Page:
TRPV4 is a nonselective cation channel that belongs to the vanilloid (V) subfamily of transient receptor potential (TRP) ion channels. While TRP channels have been found to be involved in sensing temperature, light, pressure, and chemical stimuli, TPRV4 is believed to be primarily a mechanosensor although it can also respond to warm temperatures, acidic pH, and several chemical compounds. In zebrafish, the expression of trpv4 has been studied during embryonic development, whereas its pattern of TPRV4 expression during the adult life has not been thoroughly analyzed. In this study, the occurrence of TRPV4 was addressed in the zebrafish sensory organs at the mRNA (RT-PCR) and protein (Westernblot) levels. Once the occurrence of TRPV4 was demonstrated, the TRPV4 positive cells were identified by using immunohistochemistry. TPRV4 was detected in mantle and sensory cells of neuromasts, in a subpopulation of hair sensory cells in the macula and in the cristae ampullaris of the inner ear, in sensory cells in the taste buds, in crypt neurons and ciliated sensory neurons of the olfactory epithelium, and in cells of the retina. These results demonstrate the presence of TRPV4 in all sensory organs of adult zebrafish and are consistent with the multiple physiological functions suspected for TRPV4 in mammals (mechanosensation, hearing, and temperature sensing), but furthermore suggest potential roles in olfaction and vision in zebrafish. © 2011 Wiley Periodicals, Inc.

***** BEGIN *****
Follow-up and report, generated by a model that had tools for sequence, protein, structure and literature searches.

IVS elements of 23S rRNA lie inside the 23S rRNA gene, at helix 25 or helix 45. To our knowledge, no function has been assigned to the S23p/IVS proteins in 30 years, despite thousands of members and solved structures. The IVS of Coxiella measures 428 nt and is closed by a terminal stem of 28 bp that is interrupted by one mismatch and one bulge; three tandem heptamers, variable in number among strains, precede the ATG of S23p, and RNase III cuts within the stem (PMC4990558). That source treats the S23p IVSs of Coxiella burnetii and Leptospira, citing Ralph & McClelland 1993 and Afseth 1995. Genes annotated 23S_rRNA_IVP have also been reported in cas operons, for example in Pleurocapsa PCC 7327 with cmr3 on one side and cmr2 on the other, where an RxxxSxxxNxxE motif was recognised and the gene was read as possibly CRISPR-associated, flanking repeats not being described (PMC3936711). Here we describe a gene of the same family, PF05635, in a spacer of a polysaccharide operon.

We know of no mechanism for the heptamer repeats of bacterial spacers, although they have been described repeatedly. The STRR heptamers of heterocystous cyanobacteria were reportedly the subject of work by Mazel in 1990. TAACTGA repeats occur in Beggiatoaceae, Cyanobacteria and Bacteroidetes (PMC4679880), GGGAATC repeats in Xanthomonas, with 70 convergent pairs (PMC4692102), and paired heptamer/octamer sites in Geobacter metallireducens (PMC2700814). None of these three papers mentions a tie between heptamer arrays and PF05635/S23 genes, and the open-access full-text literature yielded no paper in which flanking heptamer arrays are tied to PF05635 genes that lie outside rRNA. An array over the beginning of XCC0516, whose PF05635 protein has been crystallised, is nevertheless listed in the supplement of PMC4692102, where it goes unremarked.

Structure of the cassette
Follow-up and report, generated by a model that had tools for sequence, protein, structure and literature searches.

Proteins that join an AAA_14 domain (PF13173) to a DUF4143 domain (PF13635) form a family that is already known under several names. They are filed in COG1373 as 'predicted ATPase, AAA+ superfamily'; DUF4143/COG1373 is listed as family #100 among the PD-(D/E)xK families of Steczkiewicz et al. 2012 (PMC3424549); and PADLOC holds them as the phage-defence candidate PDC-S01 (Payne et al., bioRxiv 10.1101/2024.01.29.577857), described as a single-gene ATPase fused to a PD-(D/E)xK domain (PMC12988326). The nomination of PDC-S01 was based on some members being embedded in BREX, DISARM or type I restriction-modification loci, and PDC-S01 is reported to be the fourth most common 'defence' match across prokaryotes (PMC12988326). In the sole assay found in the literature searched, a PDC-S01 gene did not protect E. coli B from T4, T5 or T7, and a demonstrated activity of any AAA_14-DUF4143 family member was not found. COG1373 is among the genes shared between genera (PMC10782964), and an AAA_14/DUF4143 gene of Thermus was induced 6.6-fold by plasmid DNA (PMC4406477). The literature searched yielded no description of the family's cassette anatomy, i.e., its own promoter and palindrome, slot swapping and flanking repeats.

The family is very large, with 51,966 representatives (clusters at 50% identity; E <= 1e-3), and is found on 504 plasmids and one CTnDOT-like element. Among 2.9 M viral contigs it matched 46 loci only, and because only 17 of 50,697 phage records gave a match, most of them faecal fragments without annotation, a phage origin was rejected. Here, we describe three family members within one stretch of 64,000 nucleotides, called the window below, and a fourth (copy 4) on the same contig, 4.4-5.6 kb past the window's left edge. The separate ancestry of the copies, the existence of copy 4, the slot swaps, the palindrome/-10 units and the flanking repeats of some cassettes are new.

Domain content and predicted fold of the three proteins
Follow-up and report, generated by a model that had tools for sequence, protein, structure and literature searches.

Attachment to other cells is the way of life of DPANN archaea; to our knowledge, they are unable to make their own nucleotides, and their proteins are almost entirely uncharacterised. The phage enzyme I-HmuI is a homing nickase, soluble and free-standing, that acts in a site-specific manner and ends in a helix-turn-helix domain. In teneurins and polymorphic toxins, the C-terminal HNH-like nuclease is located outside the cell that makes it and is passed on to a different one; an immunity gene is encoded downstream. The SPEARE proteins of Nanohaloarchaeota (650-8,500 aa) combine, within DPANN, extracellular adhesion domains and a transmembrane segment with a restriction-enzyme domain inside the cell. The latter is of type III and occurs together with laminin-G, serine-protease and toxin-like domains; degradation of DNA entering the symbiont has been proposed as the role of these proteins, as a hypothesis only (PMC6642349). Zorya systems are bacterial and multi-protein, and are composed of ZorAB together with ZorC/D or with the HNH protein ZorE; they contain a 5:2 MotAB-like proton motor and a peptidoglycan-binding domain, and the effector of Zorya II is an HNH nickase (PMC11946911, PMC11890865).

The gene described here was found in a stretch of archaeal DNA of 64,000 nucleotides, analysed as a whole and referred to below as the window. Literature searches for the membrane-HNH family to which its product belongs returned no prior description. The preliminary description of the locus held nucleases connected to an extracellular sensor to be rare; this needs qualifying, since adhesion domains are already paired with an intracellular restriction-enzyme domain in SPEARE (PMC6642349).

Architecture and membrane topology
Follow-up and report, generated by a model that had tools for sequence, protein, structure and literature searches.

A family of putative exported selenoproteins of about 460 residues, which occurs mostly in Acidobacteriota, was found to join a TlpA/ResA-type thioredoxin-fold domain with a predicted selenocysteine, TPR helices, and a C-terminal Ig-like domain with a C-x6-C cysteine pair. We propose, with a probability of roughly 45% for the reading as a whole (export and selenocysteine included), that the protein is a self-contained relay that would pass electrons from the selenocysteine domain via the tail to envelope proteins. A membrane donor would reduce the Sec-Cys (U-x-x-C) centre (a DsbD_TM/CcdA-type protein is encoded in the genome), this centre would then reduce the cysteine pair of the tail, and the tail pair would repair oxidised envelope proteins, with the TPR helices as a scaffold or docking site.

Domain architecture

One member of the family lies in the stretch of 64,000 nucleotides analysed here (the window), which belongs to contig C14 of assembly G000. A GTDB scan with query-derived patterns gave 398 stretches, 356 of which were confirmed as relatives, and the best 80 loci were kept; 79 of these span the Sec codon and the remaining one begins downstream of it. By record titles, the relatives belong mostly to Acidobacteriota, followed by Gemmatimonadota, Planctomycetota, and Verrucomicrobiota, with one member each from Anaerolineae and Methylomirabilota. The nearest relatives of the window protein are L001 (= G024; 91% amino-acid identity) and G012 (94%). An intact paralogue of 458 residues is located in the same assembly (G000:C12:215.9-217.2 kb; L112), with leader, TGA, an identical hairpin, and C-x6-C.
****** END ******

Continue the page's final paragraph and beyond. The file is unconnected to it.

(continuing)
PubMed | Instituto Asturiano Of Odontologia
Type: Journal Article | Journal: European journal of histochemistry : EJH | Year: 2015

The periostin is a matricellular protein expressed in collagen-rich tissues including some dental and periodontal tissues where it is regulated by mechanical forces, growth factors and cytokines. Interestingly the expression of this protein has been found modified in different gingival pathologies although the expression of periostin in normal human gingiva was never investigated. Here we used Western blot and double immunofluorescence coupled to laser-confocal microscopy to investigated the occurrence and distribution of periostin in different segments of the human gingival in healthy subjects. By Western blot a protein band with an estimated molecular mass of 94 kDa was observed. Periostin was localized at the epithelial-connective tissue junction, or among the fibers of the periodontal ligament, and never co-localized with cytokeratin or vimentin thus suggesting it is an extracellular protein. These results demonstrate the occurrence of periostin in adult human gingiva; its localization suggests a role in the bidirectional interactions between the connective tissue and the epithelial cells, and therefore in the physiopathological conditions in which these interactions are altered.

Loading Instituto Asturiano Of Odontologia collaborators
Loading Instituto Asturiano Of Odontologia collaborators